CJ MASSINBURG: Oh, yeah. I totally agree. Jayvon has been playing unbelievable basketball. Really been the X factor in most of these games. He's given us great defense, consistent outside shooting, athleticism, finishing on the break. He's getting those balls, getting steals. He's pretty much doing it all for us. And it's good to have a guy like that that's consistently bringing the same thing every night. You know what you'll get out of him. He's showing flashes of his greatness for years to come what he's capable of.

DONTAY CARUTHERS: Yeah, just add on. CJ pretty much touched on everything. He's starting to really see like the stuff that he can do with his size. He's a big six-three, six-four, physical guard. Can shoot it. That's pretty tough at this level, and you know Jayvon is the type of guy that takes pride in everything. And his defense picked up tremendously, and that's one thing that our coaches been loving as of right now and of course his shooting.

Q. For Nick and CJ. First off, is Texas Tech defense the best defense that you guys have probably seen this season? And to follow-up on that, do you guys get up more knowing that it's one of the best offenses in the nation against one of the best defenses in the nation, you want to prove yourself against a group like that?
NICK PERKINS: Yeah, definitely. Texas Tech, their defense is really good. I don't want to say it's the best defense we played all year, because we haven't actually played against it so we don't really know. Other teams match up differently depending on who you're playing.

It's going to be good. They do some things different. I don't think they played anybody like us all year. Big 12 is a little different with the matchup. Teams play a little slower. I think the two teams that beat them this year in conference play played a little faster. It's will be good to see how they matchup. It's going to be a good game.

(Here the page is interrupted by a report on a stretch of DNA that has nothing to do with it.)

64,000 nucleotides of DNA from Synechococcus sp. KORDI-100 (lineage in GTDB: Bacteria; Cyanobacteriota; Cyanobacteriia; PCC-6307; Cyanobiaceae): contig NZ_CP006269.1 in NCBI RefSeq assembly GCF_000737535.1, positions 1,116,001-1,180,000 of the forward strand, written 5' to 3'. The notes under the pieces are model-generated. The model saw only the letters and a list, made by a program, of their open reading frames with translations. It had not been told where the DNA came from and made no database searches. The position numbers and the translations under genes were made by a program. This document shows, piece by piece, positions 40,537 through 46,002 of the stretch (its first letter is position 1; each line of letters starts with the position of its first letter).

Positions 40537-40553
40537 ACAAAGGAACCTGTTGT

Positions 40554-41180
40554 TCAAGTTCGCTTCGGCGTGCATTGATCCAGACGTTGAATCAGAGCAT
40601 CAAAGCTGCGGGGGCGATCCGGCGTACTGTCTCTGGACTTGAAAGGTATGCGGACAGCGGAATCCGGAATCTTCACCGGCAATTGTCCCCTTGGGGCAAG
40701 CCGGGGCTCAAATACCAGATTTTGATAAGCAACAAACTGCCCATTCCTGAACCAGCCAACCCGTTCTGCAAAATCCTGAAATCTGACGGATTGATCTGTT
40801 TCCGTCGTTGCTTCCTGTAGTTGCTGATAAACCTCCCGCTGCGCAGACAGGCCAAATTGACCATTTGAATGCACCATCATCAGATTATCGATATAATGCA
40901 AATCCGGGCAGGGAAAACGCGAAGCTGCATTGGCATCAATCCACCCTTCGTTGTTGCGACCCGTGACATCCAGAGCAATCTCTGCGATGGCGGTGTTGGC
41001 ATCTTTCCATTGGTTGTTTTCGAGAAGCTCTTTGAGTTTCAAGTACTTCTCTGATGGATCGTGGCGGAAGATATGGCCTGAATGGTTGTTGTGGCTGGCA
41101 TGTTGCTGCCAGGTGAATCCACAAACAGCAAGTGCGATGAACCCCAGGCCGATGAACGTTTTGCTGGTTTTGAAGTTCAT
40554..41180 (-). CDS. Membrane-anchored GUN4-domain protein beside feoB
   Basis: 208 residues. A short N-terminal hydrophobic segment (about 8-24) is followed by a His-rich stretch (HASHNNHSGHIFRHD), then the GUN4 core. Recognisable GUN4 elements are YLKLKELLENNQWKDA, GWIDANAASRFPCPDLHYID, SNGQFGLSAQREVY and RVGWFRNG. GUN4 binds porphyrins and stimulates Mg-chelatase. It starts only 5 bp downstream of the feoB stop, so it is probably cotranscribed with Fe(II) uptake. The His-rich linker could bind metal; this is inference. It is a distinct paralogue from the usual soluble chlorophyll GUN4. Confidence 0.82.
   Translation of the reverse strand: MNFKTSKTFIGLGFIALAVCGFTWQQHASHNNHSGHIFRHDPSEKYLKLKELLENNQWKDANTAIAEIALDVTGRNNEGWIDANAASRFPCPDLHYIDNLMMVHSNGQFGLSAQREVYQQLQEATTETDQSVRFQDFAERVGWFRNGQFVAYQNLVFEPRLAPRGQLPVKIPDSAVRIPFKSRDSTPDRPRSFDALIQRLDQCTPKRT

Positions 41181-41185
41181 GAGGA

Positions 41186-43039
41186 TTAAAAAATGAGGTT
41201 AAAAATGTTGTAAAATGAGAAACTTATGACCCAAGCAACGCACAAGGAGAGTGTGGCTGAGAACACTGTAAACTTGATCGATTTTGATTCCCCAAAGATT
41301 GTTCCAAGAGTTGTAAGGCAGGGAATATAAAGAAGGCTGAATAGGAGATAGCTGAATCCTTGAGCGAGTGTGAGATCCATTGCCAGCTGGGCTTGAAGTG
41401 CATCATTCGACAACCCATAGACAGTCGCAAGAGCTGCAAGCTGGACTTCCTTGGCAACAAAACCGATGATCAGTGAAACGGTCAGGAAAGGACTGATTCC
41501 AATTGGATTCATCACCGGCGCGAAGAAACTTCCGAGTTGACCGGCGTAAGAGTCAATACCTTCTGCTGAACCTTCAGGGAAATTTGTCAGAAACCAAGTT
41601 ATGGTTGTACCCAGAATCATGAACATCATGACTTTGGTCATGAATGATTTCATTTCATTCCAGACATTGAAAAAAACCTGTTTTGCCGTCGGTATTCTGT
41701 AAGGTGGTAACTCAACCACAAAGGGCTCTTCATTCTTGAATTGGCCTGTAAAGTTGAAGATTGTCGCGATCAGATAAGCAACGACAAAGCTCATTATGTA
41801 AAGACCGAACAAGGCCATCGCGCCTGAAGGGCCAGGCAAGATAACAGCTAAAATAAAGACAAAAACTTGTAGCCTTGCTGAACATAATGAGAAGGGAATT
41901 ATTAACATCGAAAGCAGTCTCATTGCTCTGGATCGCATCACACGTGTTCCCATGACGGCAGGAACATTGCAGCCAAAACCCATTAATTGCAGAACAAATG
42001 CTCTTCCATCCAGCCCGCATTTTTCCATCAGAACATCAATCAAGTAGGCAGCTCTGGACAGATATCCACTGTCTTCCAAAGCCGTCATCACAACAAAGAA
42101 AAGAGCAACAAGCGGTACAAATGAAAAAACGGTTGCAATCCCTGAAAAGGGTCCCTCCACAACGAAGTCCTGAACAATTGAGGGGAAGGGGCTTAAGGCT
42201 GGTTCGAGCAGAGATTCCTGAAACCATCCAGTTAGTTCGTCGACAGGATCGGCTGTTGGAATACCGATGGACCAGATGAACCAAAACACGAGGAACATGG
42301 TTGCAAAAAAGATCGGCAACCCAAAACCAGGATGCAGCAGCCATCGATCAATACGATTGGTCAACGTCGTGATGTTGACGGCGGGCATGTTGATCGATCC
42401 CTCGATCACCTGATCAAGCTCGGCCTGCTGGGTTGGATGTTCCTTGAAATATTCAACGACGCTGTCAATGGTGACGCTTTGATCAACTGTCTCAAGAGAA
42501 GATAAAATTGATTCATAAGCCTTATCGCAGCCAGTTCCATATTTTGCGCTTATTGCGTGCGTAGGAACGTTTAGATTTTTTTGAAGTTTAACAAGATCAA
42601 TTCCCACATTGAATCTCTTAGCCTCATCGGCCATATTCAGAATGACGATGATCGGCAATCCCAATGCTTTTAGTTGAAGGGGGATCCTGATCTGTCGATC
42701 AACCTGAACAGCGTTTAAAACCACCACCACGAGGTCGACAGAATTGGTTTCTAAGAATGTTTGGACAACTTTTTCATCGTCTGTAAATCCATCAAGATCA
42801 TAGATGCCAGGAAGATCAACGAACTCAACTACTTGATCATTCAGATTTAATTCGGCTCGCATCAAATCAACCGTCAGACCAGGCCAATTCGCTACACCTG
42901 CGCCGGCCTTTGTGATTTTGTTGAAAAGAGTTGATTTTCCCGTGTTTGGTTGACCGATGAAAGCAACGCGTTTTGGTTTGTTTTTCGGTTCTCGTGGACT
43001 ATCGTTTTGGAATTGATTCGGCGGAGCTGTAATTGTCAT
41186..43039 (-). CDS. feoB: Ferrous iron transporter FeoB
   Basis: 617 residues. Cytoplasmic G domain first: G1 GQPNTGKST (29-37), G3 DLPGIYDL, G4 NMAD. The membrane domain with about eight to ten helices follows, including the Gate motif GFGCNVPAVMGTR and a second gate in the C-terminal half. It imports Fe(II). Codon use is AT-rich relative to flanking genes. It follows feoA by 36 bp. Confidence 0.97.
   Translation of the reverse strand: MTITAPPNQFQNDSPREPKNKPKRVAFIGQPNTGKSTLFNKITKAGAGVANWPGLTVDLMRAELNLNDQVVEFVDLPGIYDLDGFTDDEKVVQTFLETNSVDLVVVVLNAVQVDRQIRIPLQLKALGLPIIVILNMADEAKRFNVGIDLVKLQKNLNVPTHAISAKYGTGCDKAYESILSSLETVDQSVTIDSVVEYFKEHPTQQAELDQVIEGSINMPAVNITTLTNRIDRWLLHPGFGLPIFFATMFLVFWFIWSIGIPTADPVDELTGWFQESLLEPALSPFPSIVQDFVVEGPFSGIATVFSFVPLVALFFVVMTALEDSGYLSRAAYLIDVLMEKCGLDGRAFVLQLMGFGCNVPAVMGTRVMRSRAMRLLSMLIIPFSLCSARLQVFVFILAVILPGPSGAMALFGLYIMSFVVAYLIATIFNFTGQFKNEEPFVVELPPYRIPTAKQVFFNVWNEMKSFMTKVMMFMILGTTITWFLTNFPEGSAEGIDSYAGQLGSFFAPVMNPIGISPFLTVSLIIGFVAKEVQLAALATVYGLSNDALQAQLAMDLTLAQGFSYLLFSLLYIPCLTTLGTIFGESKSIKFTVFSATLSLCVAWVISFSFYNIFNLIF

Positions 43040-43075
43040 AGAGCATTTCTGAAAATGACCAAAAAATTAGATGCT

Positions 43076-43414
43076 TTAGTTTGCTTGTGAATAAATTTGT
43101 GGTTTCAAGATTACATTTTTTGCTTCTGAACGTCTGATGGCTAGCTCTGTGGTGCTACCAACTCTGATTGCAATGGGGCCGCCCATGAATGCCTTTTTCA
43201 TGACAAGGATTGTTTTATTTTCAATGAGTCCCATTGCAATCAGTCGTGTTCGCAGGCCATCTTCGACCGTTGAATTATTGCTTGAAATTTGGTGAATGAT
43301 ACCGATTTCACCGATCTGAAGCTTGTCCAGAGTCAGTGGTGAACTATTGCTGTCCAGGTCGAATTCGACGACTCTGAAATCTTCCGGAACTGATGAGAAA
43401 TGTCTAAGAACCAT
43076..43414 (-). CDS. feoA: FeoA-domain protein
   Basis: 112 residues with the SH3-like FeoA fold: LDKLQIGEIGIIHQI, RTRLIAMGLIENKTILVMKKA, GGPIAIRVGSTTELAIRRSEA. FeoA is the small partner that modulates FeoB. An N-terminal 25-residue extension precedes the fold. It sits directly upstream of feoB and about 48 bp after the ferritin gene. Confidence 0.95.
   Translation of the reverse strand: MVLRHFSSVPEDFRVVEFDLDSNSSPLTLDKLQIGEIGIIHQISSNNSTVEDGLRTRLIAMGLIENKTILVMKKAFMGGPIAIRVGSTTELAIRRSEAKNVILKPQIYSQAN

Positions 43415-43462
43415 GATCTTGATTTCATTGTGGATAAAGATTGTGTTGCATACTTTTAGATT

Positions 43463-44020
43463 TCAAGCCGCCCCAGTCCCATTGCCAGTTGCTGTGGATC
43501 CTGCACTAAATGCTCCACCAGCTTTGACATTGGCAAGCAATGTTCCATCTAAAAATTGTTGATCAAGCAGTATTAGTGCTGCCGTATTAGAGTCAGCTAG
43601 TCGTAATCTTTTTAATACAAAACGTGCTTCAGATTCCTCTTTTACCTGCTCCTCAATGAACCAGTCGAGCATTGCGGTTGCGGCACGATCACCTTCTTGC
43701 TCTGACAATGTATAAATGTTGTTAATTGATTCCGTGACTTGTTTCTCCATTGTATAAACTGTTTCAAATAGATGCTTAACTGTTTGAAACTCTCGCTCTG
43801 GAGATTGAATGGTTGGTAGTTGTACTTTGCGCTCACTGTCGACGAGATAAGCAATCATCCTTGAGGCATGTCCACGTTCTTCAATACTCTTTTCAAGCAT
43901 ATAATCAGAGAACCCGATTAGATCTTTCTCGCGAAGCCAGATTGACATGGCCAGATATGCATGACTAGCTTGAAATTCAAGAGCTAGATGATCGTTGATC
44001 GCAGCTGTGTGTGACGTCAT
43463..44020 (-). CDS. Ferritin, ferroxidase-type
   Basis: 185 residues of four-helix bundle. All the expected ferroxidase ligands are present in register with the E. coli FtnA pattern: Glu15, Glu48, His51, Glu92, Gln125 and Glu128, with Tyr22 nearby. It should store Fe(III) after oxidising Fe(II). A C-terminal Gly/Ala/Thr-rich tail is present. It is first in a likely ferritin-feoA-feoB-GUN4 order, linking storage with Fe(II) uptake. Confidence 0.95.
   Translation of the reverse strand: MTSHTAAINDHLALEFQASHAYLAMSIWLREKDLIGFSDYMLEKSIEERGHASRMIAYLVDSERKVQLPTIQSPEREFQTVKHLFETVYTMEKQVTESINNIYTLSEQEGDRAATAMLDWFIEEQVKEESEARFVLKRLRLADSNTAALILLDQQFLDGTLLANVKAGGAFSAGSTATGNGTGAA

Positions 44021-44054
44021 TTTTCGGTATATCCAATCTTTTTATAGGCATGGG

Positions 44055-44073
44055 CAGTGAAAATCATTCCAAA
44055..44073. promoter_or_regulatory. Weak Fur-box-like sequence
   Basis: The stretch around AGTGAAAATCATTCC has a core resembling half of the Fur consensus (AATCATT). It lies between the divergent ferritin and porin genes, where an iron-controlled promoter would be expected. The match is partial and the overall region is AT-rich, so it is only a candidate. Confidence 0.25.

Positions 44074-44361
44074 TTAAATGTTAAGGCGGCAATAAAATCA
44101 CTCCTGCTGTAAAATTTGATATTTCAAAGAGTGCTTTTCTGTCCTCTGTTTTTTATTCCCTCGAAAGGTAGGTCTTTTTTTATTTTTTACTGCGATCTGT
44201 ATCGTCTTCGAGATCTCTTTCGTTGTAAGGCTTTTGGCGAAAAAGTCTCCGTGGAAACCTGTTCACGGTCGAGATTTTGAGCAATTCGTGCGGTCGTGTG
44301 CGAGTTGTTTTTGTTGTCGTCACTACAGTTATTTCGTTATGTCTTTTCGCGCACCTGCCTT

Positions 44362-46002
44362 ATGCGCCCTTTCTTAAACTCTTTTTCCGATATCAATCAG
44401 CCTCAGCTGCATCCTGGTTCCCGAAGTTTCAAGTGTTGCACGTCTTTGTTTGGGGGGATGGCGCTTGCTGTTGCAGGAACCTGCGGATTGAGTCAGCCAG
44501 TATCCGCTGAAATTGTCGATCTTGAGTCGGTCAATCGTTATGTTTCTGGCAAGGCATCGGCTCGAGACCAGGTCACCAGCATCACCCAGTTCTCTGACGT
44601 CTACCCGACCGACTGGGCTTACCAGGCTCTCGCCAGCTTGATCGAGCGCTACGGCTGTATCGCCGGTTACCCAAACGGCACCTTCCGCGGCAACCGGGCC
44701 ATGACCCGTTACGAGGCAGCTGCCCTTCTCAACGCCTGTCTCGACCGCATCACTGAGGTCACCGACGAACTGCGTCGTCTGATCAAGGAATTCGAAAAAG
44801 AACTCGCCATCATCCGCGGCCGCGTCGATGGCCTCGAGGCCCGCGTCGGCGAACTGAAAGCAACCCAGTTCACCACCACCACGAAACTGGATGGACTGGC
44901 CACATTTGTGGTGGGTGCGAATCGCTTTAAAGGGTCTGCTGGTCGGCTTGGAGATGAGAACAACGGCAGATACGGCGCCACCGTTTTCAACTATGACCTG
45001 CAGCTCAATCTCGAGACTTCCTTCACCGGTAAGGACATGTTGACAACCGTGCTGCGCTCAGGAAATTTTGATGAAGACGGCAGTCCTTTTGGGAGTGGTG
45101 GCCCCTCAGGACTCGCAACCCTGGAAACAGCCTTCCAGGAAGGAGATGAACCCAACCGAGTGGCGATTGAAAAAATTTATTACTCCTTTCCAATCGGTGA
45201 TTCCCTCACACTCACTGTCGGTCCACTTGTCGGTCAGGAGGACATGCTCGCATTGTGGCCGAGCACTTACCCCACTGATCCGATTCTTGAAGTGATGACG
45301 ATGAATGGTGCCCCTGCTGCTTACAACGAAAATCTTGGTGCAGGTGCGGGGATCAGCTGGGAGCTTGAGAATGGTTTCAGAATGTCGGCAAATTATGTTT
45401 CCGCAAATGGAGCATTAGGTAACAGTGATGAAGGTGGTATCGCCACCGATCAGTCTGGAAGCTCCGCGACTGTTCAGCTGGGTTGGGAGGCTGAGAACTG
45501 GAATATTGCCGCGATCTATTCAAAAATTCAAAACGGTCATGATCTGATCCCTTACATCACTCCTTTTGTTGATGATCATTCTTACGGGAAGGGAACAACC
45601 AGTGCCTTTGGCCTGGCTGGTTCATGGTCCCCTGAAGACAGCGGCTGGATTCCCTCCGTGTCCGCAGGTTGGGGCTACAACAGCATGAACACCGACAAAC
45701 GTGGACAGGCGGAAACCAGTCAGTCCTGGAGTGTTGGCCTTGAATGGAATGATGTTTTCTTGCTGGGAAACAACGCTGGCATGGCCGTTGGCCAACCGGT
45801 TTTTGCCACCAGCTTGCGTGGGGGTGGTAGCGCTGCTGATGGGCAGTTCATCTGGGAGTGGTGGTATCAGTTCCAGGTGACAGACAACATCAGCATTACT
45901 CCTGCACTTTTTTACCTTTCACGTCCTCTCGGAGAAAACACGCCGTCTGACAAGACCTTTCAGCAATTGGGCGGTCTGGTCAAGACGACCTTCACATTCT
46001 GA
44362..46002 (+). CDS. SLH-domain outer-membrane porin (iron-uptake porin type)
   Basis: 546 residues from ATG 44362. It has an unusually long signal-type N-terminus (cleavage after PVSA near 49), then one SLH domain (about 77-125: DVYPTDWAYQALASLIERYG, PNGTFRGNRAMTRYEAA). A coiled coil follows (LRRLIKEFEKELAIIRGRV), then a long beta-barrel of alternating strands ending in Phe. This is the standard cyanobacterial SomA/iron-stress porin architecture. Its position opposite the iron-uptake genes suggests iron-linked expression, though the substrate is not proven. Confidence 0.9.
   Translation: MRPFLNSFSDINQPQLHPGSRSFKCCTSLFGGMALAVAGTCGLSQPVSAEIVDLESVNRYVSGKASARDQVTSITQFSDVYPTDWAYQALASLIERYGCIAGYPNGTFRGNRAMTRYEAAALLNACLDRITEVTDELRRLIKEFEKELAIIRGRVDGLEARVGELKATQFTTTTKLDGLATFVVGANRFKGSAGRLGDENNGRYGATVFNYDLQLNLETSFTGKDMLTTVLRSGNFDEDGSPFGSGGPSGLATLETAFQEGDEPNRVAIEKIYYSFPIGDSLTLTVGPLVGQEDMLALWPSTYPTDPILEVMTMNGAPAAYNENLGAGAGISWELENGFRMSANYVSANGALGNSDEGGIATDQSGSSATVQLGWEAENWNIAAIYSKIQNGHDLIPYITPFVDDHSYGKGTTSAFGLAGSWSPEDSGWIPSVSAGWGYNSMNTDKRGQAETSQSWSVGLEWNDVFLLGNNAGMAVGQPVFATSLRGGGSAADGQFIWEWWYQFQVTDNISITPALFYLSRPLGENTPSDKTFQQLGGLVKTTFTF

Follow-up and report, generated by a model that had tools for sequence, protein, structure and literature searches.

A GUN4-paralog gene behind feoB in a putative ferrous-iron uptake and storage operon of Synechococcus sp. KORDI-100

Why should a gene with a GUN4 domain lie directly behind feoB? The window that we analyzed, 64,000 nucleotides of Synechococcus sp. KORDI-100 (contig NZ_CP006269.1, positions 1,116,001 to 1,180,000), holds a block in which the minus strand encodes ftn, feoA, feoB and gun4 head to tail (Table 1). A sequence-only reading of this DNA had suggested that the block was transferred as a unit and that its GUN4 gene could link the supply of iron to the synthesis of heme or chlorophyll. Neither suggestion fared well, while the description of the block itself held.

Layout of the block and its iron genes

CJ MASSINBURG: Yeah. I really agree with Nick. I mean, you can go off analytics and things like that, but we don't actually know until we play how good that defense is. But I don't know the exact numbers, but we might be top 30 in the nation in both offense and defense, so we feel like we're a force to be reckoned with, too. Yeah.

Q. Nick and CJ, you played teams with a lot of length before, sometimes that you've struggled. When you go up against a team that's top 15 in the country in blocking shots, do you have to not worry if a shot gets blocked or do you have to fight the urge to want to change the way you shoot, worrying about there being somebody in your way like that?
NICK PERKINS: That's a good question. I think it's just you got to go out there, you know. I mean, shoot the ones you can shoot and pass the ones you can't. You can get a little ahead of yourself when you start guessing if he's going to block. If you can make the shot, shoot it. If you can't, pass it out. I think that's where take you that route.

CJ MASSINBURG: You pretty much can't really overthink it. Because you know that they have shot blockers. Usually the shot blocking comes from the help side. So if you beat your guy and the giant 7-footer come over and try to contest your shot, then he obviously left his guy so you can try to hit him or the next rotation. Just play free, you know, and yeah, just play free.

Q. Dontay, CJ mentioned the fact you guys are such a great defensive team. What do you guys need to do to slow down Jarrett Culver and what are some of the other players you guys know you need to stop as well?
DONTAY CARUTHERS: Well, it's not just Culver. Those guys are a great team. They got five guys in the rotation, not just one guy out there playing basketball. They got a great point guard, shooting almost 55, 60 percent from 3. We got the key on our guy. Culver is a big piece of them, and that's something that our main guys are going to have to be ready for. I mean, we're going to do what we do.